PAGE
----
Who was against her? The Vorta drones. Not a surprise. The Cardassians. Species 4106--the Scolari. They had never been bosom buddies with the Borg, even after their assimilation. Brought into the Collective for their substantial mental capacity, they had attempted many rebellions over the past decades. The previous Queen had destroyed many of them, but the lessons never held for long. Properly controlled, they were extremely useful to the Collective. They were a generally peaceful people; she considered letting them go. But Species 5159, 7694 and many of the more recently assimilated species were itching for freedom, or revenge, or simply release.
Janeway was still deciding what to do with the rebels. She could destroy the drones. The numbers were substantial, but the threat to the Whole was intolerable. She could destroy her enemies without pity if the survival of her own were at stake. But a vessel here or an armada there was one thing. A billion insubordinate drones was quite another.
She could free them, cut them loose from the Collective and let them fend for themselves. But that presented other problems. Destruction might be preferable to the horror of being returned to one's own mind, to the fate of dealing with the memory of what they had done as drones. Hugh and his Cube had fallen under the spell of Lore, the malevolent and unstable android who ruled as a cult figure. Riley and her Cooperative, who as individuals returned to fighting old battles as species loyalty and species grudges reasserted themselves. Their ultimate fate had yet to be written.
Of the rebel drones, many could be released safely. Species who simply wanted out, to return to some semblance of their old selves. Others, though, such as the Vorta, would become more dangerous as ex-Drones, with the Collective's knowledge and their inclinations to violence or conquest.
There was an alternative to destroying the drones. She could destroy their individuality. She knew about the pockets of memory and selfhood that each drone retained so long as the body lived. But it was a simple matter to purge those engrams. But that part of Janeway that cherished the individual balked at that.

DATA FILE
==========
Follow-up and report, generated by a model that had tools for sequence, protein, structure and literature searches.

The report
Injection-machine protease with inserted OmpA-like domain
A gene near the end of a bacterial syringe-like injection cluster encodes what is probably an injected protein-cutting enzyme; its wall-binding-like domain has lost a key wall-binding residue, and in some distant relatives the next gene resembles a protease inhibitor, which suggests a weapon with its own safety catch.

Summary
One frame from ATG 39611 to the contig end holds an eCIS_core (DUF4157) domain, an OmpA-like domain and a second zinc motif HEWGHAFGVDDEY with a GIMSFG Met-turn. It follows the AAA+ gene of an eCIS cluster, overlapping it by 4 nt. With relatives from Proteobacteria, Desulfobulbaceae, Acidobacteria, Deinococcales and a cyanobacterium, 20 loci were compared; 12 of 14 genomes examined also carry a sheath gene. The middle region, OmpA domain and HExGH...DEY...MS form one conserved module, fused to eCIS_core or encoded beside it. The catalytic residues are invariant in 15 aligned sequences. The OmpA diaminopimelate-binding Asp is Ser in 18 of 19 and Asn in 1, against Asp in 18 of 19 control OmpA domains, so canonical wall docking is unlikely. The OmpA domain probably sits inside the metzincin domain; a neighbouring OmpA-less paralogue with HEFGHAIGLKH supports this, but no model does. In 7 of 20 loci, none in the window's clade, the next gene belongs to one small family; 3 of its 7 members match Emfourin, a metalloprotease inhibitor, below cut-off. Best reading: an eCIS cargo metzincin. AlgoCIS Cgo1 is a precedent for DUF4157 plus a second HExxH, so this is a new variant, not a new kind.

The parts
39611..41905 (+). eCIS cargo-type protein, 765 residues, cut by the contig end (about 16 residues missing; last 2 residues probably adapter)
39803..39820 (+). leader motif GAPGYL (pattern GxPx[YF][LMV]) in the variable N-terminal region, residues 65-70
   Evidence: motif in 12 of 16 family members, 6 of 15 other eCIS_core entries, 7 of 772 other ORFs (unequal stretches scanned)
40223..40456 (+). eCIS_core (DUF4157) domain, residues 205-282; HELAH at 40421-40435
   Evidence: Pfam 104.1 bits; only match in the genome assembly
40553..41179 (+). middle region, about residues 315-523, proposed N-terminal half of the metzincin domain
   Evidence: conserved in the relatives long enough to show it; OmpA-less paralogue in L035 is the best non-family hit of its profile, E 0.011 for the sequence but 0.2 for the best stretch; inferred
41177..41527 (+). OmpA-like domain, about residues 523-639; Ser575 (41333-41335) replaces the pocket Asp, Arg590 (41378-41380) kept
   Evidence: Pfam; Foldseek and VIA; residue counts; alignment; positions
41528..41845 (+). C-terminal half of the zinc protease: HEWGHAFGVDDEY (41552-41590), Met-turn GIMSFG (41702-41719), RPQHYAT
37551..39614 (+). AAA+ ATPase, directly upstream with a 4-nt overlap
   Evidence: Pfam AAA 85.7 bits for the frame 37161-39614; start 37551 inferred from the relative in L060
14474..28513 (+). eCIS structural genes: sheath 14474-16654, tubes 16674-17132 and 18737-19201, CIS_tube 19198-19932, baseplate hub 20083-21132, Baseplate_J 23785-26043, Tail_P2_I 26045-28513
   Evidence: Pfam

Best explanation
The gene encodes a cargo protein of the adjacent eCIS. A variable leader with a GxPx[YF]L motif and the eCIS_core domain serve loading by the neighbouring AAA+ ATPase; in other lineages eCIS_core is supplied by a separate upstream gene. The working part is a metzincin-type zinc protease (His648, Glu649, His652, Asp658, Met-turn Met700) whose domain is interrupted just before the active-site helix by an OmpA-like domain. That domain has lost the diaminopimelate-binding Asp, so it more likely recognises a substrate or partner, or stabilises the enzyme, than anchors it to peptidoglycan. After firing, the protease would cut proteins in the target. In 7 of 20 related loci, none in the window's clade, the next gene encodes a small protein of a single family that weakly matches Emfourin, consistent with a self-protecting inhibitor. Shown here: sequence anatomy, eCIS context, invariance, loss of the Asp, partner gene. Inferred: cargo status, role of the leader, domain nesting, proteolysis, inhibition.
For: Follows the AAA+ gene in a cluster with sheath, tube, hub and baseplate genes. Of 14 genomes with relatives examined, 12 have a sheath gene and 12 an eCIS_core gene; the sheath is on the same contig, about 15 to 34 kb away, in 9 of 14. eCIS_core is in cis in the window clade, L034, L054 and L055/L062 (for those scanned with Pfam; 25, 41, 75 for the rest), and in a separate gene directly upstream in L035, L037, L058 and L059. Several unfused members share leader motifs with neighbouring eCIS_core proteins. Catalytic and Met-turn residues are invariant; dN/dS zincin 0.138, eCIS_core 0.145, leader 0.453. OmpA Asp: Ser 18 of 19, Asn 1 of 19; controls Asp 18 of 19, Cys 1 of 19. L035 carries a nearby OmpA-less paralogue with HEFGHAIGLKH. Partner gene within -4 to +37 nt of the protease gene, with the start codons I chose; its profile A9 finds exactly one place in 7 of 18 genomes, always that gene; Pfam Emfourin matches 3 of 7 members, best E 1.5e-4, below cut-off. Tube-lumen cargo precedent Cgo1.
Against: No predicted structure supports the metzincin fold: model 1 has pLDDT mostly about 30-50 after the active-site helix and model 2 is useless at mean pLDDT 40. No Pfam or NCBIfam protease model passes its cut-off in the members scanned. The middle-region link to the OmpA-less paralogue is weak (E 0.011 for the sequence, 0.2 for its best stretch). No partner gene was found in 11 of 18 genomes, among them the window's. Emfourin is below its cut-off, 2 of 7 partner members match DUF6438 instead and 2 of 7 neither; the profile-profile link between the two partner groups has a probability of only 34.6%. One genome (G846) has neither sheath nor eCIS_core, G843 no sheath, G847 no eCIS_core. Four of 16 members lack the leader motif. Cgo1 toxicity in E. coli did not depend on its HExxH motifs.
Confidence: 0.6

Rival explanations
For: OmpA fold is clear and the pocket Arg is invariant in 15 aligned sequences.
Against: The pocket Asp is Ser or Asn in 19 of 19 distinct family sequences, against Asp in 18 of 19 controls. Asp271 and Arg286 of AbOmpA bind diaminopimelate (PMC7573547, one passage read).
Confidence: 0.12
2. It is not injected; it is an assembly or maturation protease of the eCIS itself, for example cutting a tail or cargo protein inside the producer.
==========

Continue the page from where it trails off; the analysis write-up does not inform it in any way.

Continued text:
She could maintain order--she noted that when she issued strict orders with the Voice of Queenly authority, she was obeyed instantly. The Order she found so comforting within the Collective ensured that. But that level of constant reinforcement was impossible for her to maintain. Without it, the rebellion could continue to flourish.
At the moment, she was satisfied to learn all she could about the wolves in the fold, to identify them and prepare for the moment of decision. With luck, she would find the solution while it was still in her power to apply it.
Seven of Nine and Four of Seven worked side-by-side at consoles in grid 4G, corridor 15, sub-net 191 of the USS Duchess. It was ship's night; Riker and the other humans were regenerating, with the exception of a few armed tactical units.
A dozen drones appeared suddenly, the energy signatures of transport signaling their arrival.
Seven of Nine. Tertiary adjunct to Unimatrix Zero-One. The time has come. Join us.
Seven looked from the drones--Vorta, Scolari and Cardassian--to Four of Seven. She knew the same offer was being posed.
Four of Seven. Quaternary adjunct to Unimatrix nine-four-four-seven. The time has come. Join us.
Seven could not imagine Four of Seven accepting the offer. She knew why.
And now that the time of decision had come, she knew what her own answer must be. The Janeway was not a perfect queen. But she was Queen. Those who fought against the Queen had destroyed millions of drones. Set themselves at odds with the Perfection of the Collective.
Seven of Nine drew herself up to her full height--taller than all but the Scolari drones. "I will not comply," she said, voice hard.
"Neither will I," Four of Seven added.
You will be destroyed.
"And you will fail," Seven spat.
The drones advanced, their mechanical limbs whirring with malevolent intent.
To be continued…
Copyright © 1997-1999 Jim Wright